In memoriam Jissoji Akio

Steven C Harrison harrisonstevenc
Tue Dec 19 00:44:56 EST 2006

  I too was saddened by the loss of Jissouji.  I've tried to familiarize myself with his ATG films, so I'll take a stab at responding (though my ignorance will surely show compared to many in this group.)

"Is Jissoji suggesting that conventional sexual morality is irrelevant in the face of a greater truth - that life is transient? Or is he hinting, by contrast, that this Buddhist doctrine is inadequate as a response to the very real suffering we've witnessed? The same question could be asked about Uta."
  I think it's the latter.  His works don't seem to follow the "conservative" view of "mono no aware", rather there's a transience at play (particularly in Mujo, which I believe is his masterpiece) which is dangerous.  His characters display amorality, and are usually doomed by the end.  Such a negative ending can only connotate a negative stance when such a powerful play of words and images appears to reenforce it.  I believe one of Mujo's strongest points to be that Buddhist dogmatic thinking is ultimately so enigmatic and convoluted that it can lead to feelings of worthlessness and self-sacrifice (a clear attack on conservative Japanese values, I believe, and therefore dogmatic religious thought.)
  "Also, how does the incest in Mujo relate to this concern with traditional culture - given that incest is a recurrent motif in ATG films, and Shinoda's Himiko, for instance, finds incest at the foundation of Japanese society?"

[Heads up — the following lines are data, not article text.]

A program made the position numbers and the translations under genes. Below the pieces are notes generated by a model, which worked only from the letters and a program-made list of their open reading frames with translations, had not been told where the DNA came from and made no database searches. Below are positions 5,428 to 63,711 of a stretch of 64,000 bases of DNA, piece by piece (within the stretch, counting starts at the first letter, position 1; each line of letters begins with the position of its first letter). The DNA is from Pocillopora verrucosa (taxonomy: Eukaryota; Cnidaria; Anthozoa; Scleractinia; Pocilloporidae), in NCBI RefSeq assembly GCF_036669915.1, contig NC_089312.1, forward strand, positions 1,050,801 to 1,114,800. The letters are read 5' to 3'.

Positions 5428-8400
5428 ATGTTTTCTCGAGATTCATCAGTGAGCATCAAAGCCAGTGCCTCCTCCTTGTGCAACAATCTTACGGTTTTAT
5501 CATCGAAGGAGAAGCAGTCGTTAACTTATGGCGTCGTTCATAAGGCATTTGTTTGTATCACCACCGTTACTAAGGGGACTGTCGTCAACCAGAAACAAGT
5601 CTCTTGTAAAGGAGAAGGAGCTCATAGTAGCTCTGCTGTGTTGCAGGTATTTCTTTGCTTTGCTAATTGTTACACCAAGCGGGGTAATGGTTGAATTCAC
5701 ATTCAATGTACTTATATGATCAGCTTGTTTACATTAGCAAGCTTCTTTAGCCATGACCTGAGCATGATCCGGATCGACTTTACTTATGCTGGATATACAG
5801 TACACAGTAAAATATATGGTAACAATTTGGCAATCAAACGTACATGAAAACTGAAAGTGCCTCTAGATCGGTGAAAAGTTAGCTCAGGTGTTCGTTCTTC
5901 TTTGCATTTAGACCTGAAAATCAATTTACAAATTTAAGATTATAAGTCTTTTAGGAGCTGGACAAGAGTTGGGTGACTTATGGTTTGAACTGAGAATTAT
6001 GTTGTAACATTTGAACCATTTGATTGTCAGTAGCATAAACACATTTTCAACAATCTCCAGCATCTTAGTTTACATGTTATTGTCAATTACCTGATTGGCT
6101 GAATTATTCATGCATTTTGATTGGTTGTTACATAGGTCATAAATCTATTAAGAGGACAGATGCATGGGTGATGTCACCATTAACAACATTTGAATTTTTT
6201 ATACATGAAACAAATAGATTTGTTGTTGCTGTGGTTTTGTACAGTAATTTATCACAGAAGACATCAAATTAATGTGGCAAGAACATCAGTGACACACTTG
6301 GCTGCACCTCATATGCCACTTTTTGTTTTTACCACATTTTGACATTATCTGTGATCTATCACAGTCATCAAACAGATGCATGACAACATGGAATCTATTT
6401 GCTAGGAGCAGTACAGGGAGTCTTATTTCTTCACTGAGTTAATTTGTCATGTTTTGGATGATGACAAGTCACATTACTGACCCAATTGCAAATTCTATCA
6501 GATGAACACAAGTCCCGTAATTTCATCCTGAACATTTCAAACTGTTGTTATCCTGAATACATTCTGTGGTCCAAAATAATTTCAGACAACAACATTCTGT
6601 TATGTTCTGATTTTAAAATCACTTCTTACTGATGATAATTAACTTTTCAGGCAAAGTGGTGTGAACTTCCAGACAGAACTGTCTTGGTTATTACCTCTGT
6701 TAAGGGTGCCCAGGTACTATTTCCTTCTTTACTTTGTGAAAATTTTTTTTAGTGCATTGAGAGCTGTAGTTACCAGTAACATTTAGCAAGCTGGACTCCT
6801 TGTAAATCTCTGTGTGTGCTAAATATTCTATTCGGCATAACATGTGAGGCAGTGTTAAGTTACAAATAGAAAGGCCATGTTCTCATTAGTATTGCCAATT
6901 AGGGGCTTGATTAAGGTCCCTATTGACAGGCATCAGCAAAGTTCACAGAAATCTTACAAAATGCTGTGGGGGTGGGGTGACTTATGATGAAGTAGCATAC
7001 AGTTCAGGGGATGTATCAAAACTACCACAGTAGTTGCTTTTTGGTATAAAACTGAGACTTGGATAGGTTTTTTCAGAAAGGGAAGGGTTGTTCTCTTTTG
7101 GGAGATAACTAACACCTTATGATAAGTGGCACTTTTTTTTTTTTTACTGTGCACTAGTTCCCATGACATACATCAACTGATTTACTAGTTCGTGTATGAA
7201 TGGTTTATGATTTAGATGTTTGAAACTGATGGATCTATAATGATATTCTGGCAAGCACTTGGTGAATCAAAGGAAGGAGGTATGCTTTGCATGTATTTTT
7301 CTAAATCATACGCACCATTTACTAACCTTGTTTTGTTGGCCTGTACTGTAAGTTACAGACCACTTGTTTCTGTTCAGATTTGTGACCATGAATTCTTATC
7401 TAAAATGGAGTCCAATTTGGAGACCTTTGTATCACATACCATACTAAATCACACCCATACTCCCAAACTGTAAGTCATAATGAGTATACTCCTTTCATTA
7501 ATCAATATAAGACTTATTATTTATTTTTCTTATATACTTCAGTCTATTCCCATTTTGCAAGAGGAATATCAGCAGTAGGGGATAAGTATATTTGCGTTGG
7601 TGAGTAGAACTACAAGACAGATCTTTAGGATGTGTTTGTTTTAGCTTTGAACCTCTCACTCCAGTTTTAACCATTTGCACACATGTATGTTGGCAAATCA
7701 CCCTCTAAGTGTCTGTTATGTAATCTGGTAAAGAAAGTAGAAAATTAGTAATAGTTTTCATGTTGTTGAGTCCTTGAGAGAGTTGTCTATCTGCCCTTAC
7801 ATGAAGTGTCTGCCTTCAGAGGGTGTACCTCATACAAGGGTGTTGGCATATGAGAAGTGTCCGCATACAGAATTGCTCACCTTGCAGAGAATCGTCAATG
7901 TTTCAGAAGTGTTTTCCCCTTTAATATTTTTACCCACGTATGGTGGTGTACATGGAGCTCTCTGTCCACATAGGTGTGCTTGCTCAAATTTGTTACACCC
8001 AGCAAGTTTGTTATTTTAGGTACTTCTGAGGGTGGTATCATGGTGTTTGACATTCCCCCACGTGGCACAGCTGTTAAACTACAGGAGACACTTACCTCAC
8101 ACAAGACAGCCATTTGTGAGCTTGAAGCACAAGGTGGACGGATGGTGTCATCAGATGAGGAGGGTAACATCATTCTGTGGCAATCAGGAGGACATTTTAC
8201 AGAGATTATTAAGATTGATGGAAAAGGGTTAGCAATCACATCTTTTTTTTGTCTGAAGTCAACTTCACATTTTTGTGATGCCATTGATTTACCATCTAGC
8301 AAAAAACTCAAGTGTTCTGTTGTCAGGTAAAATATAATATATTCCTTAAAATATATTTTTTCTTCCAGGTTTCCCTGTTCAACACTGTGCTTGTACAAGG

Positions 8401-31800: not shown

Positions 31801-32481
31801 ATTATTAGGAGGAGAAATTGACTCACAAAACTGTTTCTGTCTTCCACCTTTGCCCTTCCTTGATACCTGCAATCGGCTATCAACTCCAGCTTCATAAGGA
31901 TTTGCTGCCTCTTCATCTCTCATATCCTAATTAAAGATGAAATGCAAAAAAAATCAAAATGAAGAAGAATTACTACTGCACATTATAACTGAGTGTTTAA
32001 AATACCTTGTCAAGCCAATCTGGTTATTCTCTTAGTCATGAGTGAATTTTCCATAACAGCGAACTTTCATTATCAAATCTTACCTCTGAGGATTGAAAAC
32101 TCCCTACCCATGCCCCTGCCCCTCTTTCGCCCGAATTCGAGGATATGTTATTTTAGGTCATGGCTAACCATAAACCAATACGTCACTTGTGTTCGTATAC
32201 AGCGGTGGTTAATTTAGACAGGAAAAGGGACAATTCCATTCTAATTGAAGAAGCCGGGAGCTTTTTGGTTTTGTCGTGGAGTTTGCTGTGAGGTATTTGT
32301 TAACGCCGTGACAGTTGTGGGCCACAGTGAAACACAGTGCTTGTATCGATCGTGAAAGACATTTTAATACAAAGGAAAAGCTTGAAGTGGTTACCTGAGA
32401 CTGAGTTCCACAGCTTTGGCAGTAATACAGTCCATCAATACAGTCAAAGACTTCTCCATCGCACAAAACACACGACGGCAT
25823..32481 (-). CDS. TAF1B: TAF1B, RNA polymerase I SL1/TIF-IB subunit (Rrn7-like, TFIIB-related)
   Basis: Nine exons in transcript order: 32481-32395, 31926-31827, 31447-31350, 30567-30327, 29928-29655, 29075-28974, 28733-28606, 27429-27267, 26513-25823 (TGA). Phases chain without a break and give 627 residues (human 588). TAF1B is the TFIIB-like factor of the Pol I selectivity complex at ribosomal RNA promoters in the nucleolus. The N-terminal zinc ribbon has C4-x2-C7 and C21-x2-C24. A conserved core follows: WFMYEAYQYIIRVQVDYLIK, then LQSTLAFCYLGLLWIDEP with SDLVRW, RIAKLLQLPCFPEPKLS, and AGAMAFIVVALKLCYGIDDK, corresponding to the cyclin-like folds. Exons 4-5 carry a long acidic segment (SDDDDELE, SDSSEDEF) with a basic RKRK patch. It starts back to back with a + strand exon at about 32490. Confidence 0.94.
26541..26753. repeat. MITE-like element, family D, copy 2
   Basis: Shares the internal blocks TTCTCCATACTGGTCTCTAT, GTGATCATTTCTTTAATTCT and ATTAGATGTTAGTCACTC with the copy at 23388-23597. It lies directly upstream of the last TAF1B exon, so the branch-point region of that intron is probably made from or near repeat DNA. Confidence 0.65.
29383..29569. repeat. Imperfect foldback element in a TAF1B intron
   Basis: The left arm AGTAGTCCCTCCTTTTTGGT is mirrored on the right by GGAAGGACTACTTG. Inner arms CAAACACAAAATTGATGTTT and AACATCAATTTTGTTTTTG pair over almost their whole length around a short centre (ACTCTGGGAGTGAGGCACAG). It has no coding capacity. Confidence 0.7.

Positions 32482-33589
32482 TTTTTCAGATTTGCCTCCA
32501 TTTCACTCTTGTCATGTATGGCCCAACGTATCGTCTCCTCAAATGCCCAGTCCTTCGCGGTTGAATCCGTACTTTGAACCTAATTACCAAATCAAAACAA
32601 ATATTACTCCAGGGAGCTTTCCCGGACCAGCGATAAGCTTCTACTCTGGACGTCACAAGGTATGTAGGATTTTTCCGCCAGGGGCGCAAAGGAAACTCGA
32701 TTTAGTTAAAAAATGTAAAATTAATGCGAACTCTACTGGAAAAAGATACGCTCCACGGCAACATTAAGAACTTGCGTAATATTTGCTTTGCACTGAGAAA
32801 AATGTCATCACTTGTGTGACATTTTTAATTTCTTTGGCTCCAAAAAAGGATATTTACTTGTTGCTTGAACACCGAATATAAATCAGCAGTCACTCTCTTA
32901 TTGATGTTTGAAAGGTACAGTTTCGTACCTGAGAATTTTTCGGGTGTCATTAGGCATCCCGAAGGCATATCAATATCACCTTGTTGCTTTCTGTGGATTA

I can only surmise that his attraction to traditional art is connected to the previously covered stance, but I also believe there's an amount of fetishism, maybe a lingering ideal that before modernity there was purity (this could be said about Himiko as well, I believe, and more importantly about Imamura's Profound Desires of the Gods.)
  "3) Jissoji's ATG films are all full of startling imagery, and Mujo in particular uses some very remarkable tracking shots, often moving in different directions from the actors. My question here is how integrated people feel these images are into the narrative and thematic concerns. I often felt that certain aspects of the film were used purely for their formal impact. But would some people make a case for Jissoji's style being more expressive than I felt it was? How, in other words, do people interpret form and content as relating in his films?"
  This reminds me of Yoshida Kiju's take on Ozu, that his characters are appearing from the POV of inanimate objects.  If people are moving away from the camera, it is because the camera is nature, the wind, moving independantly of the characters within it.  So freely that it is actually distracting from the plot and narrative development (particularly in Mujo.)  The violent yet highly controlled camera movement might be the most conservative aspect of Mujo, in that in distancing itself from it's poisonous human presences and ideas, in moves toward "purity".  I also believe there's a good deal of the entertainer in Jissouji.  He comes from television, and knows how to keep the audience engaged.  When you're giving in to overt symbolism and constant dialogue, what better way to retain viewer attention than striking imagery and sound?
  "4) A question no doubt made necessary by my incomplete competence in Japanese... where precisely are the films set?"
  I share your incompetence.
  Steven Harrison
  Greensboro, NC

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